PITTSBURGH — New climate-change commitments from China and Japan have ratcheted up pressure on Canada and other countries to put money and measures on the table at the G20 summit in Pittsburgh.
Prime Minister Stephen Harper joined other leaders of rich and emerging market economies Thursday following ground-shifting talks on climate change in at the United Nations in New York.
The host of the Pittsburgh meeting, U.S. President Barack Obama, has seen his carbon cap-and-trade commitment stall. Harper and the other leaders will be watching to see whether Obama will make some kind of firm commitment on greenhouse gases to reciprocate the goodwill shown by the Asian powers.
“I think there will be pressure on President Obama to deliver something at the G20 on financing climate mitigation and adaptation in developing countries,” said Dale Marshall, the climate-change policy analyst for the David Suzuki Foundation.
Harper has tied Canada’s climate-change plan to Obama’s in an effort to arrive at a common North American initiative on greenhouse gas reduction, but neither country has a clear plan. Ottawa has made it clear that any Canadian contribution to help developing countries with climate change would come mainly from selling permits to corporations to participate in a cap-and-trade system that has yet to be set up.
At the G8 summit in July, Obama made a point of telling other countries they should be prepared to deliver something at the Pittsburgh summit, Marshall said.
“But there’s also pressure because everyone knows this is the missing piece that can get the (climate change) talks moving again.”
China announced in a statement this week at a summit in New York that it would scale back growth in its emissions. Earlier this month, Japan’s new prime minister committed to cut its emissions substantially. That commitment was followed up this week with a promise to help pay for climate-change initiatives in developing countries.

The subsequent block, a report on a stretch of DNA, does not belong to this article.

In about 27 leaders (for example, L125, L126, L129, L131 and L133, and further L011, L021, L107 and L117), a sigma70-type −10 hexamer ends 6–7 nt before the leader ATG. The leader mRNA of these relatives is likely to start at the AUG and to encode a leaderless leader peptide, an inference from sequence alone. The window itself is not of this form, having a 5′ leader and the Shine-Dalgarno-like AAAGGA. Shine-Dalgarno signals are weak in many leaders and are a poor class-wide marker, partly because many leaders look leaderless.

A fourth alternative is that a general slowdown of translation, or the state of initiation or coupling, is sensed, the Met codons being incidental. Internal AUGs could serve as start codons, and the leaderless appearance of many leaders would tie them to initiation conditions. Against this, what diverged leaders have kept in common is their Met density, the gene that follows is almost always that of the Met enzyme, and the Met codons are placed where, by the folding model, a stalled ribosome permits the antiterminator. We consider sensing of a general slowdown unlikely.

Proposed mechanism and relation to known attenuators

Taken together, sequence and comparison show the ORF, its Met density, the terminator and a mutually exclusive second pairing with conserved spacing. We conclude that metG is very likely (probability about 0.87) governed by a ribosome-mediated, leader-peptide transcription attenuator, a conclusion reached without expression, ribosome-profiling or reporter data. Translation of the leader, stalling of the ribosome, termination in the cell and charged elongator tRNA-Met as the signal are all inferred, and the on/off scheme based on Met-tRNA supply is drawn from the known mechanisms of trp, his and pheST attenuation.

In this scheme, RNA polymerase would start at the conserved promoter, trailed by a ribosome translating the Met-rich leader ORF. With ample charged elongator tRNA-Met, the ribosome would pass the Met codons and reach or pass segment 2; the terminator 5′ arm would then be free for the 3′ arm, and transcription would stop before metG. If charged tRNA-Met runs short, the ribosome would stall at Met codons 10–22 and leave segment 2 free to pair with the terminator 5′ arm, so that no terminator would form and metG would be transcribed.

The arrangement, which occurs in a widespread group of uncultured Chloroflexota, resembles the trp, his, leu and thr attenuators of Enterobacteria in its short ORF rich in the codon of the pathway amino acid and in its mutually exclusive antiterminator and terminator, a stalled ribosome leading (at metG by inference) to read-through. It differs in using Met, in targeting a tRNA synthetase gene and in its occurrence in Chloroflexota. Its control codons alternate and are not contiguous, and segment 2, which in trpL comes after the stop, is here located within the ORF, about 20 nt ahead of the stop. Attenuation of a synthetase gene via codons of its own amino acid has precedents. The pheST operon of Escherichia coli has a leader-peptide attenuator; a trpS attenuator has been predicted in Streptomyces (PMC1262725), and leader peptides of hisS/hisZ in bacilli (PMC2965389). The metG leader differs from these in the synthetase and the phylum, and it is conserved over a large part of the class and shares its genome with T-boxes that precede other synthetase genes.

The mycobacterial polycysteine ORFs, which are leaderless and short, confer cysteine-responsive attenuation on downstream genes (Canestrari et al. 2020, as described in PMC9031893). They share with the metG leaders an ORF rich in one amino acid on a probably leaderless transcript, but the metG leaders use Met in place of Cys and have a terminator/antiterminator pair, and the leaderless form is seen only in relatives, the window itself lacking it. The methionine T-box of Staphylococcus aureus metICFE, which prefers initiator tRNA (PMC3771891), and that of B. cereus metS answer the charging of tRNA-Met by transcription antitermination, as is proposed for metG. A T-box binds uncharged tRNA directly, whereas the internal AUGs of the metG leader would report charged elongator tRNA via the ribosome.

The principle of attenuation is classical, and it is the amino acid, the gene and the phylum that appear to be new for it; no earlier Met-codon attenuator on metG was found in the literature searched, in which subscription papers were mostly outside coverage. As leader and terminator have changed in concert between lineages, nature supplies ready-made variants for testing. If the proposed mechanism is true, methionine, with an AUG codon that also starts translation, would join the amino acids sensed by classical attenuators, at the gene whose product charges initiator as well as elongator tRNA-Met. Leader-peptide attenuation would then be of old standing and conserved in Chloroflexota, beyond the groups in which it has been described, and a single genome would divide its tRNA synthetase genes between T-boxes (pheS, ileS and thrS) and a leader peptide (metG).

But the G20 has yet to make good on earlier promises that leaders will create a substantial climate-change fund for poor countries. International organizations have said that the developing world needs at least $150 billion a year to get to a point where they could start cutting emissions, and the G20 is nowhere near committing that amount.
“Without the financial and technological support, we will not see poorer countries in the developing world come forward with their own commitments,” Marshall said.
Summit-watchers speculated that Obama may offer to cut subsidies on fossil fuels at the Pittsburgh meeting, but such a gesture would only be a start toward more meaningful commitments leading up to the Copenhagen climate-change conference in December, said Andrew Cooper, associate director of the Centre of International Governance Innovation.
In Pittsburgh, there’s an air of hope.
Instead of the antagonistic corporation-bashing protests that have dominated the streets of other summit locations, the biggest public event surrounding the G20 summit so far has been a rally and concert led by the steelworkers’ union arguing for green jobs. That agenda plays into the leaders’ climate-change talks as well as their plans to bolster the global economy.
“We can have a clean environment and great jobs in this country, if we get it right,” Dan Onorato, from the Allegheny County Executive, told 1,000 people at the Wednesday night rally. “It takes co-operation and it takes public policy.”
More radical protests were being organized Thursday in hope of disrupting the summit, but they’ll be met by many of the 4,000 police officers and national guard on hand. Police made 14 arrests Wednesday — mainly Greenpeace activists rappelling off a bridge — but protests have been small and peaceful to date.
The G20 leaders are meeting for the third time in less than a year, mainly to resolve the global financial crisis. They hope to reach an agreement at the summit on how best to slowly remove huge stimulus packages that have underpinned the fragile economic recovery.